Kinda Like Buck Rogers
Xander stared at the strange old man. “It’s kinda, well, incredible,” he said. “I’ve been dead for, like, a thousand years? And I’ve been brought back through a picture?”
“With my amazing image re-animation process,” Professor Farnsworth confirmed.
“Hey, I’m from the twentieth century too,” Fry said. “I fell into, uh, a sort of freezing sleeping thing. It’s cool to have somebody else from my time here. Although, the last couple of times really didn’t work out too well.”
“You only have one eye,” Xander said to Leela. “Uh, sorry, I guess that’s kinda rude.”
“It’s the truth,” said Leela. “And you only have one eye too. So we have something in common.” Fry’s smile turned into a hostile glare directed at Xander.
“And you’re a lobster,” Xander said to Zoidberg. “And there’s a robot.”
“Well, bite my shiny metal ass,” Bender said. “Are all humans from the twentieth century dumb? Though, then again, stupid question. Thirtieth century ones are dumb, why should I expect any different from the prehistoric ones?”
Xander shook his head slowly. “Look, this is all kinda weird to me. Maybe I’ll get used to it later but I think that, right now, I need to splash my face with some cold water.”
“The bathroom’s right over there,” Professor Farnsworth said.
“Thanks.” Xander made his way to the bathroom with slightly wobbly steps. He pulled open the door and was confronted by a wildebeest. The ungainly creature thrust its long snout towards Xander, tossed its head, and bleated.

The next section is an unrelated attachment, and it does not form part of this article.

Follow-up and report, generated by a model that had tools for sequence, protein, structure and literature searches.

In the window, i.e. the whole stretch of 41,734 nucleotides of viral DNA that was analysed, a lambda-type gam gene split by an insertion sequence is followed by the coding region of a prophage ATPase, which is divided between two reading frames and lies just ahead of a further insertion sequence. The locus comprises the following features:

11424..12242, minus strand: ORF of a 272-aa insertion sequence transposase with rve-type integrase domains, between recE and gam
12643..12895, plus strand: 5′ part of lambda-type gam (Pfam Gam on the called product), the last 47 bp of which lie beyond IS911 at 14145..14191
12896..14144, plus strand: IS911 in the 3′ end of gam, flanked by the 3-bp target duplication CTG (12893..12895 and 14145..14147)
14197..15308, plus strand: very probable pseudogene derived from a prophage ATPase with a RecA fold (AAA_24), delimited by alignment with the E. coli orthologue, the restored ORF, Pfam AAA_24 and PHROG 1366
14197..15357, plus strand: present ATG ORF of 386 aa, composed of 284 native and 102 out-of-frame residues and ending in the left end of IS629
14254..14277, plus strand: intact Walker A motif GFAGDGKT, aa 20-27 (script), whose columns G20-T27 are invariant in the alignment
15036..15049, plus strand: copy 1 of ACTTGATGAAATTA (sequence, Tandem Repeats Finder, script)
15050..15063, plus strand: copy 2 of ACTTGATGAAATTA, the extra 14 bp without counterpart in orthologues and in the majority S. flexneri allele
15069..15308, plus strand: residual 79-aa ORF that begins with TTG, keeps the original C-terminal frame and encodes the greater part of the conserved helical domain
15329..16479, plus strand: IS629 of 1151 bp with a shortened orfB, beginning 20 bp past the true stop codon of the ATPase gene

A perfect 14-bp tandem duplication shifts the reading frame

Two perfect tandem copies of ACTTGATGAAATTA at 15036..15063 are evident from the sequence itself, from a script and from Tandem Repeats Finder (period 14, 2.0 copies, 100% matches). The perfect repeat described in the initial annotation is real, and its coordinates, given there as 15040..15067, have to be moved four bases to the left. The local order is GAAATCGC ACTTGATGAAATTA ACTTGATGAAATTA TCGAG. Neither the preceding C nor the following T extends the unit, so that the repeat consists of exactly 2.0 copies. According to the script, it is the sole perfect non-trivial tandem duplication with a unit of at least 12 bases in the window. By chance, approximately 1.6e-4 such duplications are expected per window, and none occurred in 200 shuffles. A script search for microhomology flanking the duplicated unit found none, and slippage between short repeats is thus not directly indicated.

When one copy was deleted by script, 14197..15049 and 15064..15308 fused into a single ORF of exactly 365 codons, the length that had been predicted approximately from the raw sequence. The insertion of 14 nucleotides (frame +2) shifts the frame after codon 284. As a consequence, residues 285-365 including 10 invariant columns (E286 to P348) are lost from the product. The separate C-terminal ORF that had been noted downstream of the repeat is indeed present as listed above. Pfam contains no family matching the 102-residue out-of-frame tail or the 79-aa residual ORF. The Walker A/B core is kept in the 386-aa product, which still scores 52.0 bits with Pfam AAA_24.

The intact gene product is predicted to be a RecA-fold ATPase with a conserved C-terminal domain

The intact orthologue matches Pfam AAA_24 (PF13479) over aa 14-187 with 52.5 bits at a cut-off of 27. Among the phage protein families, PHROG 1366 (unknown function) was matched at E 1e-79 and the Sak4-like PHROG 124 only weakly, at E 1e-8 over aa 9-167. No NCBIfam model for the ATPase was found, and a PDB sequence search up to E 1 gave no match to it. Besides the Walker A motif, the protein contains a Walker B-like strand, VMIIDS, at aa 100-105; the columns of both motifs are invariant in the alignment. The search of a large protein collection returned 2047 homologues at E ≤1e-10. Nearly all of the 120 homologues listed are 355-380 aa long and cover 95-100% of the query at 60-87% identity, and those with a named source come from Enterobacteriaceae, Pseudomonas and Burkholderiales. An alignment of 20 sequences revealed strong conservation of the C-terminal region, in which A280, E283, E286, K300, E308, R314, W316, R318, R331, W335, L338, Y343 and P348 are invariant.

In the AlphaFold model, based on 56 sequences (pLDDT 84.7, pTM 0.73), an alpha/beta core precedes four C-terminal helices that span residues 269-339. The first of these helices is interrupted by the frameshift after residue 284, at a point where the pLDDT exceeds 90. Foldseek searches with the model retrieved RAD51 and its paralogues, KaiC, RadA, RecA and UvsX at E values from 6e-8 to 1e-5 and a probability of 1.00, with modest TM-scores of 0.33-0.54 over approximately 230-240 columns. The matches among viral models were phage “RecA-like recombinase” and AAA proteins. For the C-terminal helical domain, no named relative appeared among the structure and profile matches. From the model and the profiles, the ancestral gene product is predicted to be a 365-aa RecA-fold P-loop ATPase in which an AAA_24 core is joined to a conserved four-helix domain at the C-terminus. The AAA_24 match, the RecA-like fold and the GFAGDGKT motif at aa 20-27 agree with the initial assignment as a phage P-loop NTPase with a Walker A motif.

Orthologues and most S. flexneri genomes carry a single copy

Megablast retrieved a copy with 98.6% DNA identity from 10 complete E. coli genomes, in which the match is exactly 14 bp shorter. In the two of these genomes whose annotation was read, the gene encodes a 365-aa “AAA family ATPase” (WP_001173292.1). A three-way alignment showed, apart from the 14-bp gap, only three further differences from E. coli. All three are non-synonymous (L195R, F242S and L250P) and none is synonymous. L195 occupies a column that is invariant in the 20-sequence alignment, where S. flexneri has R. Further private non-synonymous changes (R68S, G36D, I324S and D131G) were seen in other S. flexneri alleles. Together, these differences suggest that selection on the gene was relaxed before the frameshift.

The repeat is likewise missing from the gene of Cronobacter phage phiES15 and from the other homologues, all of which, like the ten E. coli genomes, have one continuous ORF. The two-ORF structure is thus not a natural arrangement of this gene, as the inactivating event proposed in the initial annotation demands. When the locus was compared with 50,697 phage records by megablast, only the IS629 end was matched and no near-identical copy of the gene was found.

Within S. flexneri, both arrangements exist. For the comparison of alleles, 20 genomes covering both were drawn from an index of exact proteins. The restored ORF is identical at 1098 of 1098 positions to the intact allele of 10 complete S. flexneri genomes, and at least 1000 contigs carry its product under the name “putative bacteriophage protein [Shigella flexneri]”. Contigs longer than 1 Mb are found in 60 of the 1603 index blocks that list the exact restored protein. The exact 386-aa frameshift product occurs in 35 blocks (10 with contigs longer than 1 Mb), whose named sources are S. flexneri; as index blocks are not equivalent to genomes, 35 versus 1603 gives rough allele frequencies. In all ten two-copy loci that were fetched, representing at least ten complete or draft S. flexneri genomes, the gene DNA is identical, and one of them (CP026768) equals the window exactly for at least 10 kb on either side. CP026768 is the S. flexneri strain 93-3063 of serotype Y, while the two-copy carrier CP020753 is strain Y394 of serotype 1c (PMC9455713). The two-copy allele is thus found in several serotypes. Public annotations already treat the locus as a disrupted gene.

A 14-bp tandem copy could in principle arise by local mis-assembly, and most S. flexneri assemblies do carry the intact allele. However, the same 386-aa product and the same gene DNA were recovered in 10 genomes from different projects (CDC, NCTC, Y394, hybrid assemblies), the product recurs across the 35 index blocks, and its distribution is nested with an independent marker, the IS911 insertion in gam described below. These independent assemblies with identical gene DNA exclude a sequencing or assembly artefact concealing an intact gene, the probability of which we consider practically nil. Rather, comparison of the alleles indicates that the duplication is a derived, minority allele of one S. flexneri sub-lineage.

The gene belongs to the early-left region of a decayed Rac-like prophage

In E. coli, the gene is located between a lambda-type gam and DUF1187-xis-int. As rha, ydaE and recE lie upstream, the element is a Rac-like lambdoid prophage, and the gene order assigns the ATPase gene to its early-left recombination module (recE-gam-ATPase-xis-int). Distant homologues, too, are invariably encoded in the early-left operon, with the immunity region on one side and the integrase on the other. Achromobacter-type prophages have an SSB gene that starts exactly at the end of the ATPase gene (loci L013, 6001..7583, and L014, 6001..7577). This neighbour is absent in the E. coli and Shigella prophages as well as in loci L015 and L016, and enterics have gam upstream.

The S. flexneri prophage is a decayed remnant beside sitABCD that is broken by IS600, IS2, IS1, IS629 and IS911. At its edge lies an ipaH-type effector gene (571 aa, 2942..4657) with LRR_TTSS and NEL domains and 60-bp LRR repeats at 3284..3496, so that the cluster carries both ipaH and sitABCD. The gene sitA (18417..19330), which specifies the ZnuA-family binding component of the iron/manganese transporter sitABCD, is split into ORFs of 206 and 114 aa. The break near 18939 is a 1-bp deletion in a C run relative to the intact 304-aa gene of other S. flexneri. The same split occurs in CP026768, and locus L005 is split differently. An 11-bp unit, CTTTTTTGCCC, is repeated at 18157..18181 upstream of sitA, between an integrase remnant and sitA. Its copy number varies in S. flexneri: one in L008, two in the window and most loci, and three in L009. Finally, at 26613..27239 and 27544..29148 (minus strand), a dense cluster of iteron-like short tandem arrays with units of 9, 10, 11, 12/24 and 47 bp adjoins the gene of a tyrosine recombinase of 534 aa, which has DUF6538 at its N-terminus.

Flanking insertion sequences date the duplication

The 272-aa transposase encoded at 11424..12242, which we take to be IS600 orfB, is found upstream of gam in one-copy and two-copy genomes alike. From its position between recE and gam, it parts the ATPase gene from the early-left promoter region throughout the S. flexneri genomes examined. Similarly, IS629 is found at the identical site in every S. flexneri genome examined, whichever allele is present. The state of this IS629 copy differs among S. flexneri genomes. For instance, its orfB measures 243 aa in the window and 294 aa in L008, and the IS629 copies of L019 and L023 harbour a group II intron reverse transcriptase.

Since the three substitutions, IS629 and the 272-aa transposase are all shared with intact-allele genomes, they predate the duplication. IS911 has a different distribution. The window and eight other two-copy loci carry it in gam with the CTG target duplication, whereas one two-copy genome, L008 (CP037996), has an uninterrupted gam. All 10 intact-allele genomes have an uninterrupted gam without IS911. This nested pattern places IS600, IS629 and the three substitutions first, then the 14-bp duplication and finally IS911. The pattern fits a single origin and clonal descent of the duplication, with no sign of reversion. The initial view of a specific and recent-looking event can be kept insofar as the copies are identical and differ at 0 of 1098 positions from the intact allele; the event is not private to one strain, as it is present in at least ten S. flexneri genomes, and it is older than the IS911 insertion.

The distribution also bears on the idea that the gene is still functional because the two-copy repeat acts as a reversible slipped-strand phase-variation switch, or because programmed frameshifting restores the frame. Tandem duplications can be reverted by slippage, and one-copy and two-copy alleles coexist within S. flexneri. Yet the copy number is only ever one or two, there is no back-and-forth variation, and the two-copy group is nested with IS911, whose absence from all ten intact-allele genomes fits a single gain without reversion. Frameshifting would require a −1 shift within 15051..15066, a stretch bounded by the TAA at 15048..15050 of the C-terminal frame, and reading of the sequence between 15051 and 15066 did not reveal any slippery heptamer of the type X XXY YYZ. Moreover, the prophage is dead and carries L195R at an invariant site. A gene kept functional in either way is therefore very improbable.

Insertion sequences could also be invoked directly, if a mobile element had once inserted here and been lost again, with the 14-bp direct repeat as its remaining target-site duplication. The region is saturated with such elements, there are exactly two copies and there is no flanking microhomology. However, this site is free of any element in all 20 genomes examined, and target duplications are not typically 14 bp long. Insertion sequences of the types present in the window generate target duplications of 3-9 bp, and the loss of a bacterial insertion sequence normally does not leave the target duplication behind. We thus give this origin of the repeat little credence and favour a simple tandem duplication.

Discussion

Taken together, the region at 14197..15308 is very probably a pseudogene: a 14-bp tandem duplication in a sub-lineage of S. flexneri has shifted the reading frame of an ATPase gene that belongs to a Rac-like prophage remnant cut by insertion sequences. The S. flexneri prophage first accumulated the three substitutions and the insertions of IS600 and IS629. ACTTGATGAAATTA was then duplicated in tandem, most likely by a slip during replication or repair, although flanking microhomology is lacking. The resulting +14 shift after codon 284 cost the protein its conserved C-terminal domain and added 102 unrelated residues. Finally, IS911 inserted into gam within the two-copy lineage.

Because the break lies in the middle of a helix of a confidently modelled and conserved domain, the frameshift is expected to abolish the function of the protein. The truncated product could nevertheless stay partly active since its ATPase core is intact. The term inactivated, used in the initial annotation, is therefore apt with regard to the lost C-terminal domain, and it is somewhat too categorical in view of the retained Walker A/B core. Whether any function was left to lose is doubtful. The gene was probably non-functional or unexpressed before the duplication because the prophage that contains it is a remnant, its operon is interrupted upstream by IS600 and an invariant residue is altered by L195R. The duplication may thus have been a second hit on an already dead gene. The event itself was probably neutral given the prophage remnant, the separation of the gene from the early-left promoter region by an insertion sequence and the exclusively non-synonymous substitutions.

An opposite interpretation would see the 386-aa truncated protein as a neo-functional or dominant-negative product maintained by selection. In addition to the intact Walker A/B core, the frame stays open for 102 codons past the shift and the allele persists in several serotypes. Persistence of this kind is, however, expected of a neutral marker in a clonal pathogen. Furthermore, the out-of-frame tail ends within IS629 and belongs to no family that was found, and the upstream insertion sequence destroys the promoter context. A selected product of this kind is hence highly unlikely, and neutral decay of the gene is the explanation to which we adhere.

Xander yelped in surprise. He jumped backwards, gasped for breath, and fainted.
“He’s dead,” Bender deduced. “Poor old prehistoric guy. I call dibs on anything he has in his pockets.”
Leela bent to examine Xander’s limp form. “He’s breathing,” she said. “Zoidberg, can you do anything?”
“I can do many things,” Zoidberg said. “I can sing, I can dance, I can devour small marine creatures, I can even do flower arranging. Hooray for Zoidberg!”
Leela rolled her eye. “I’m axing you to examine him,” she said.
“Oh, yes, I can do that,” Zoidberg replied. “I have a diploma.” He lifted up Xander’s wrist and felt for a pulse, commanded the unconscious Xander to say ‘Ah’, and then placed his head against Xander’s chest and listened. “His heart is beating,” Zoidberg announced. “He has only fainted. My diagnosis is that he is suffering from the shock of the gnu.”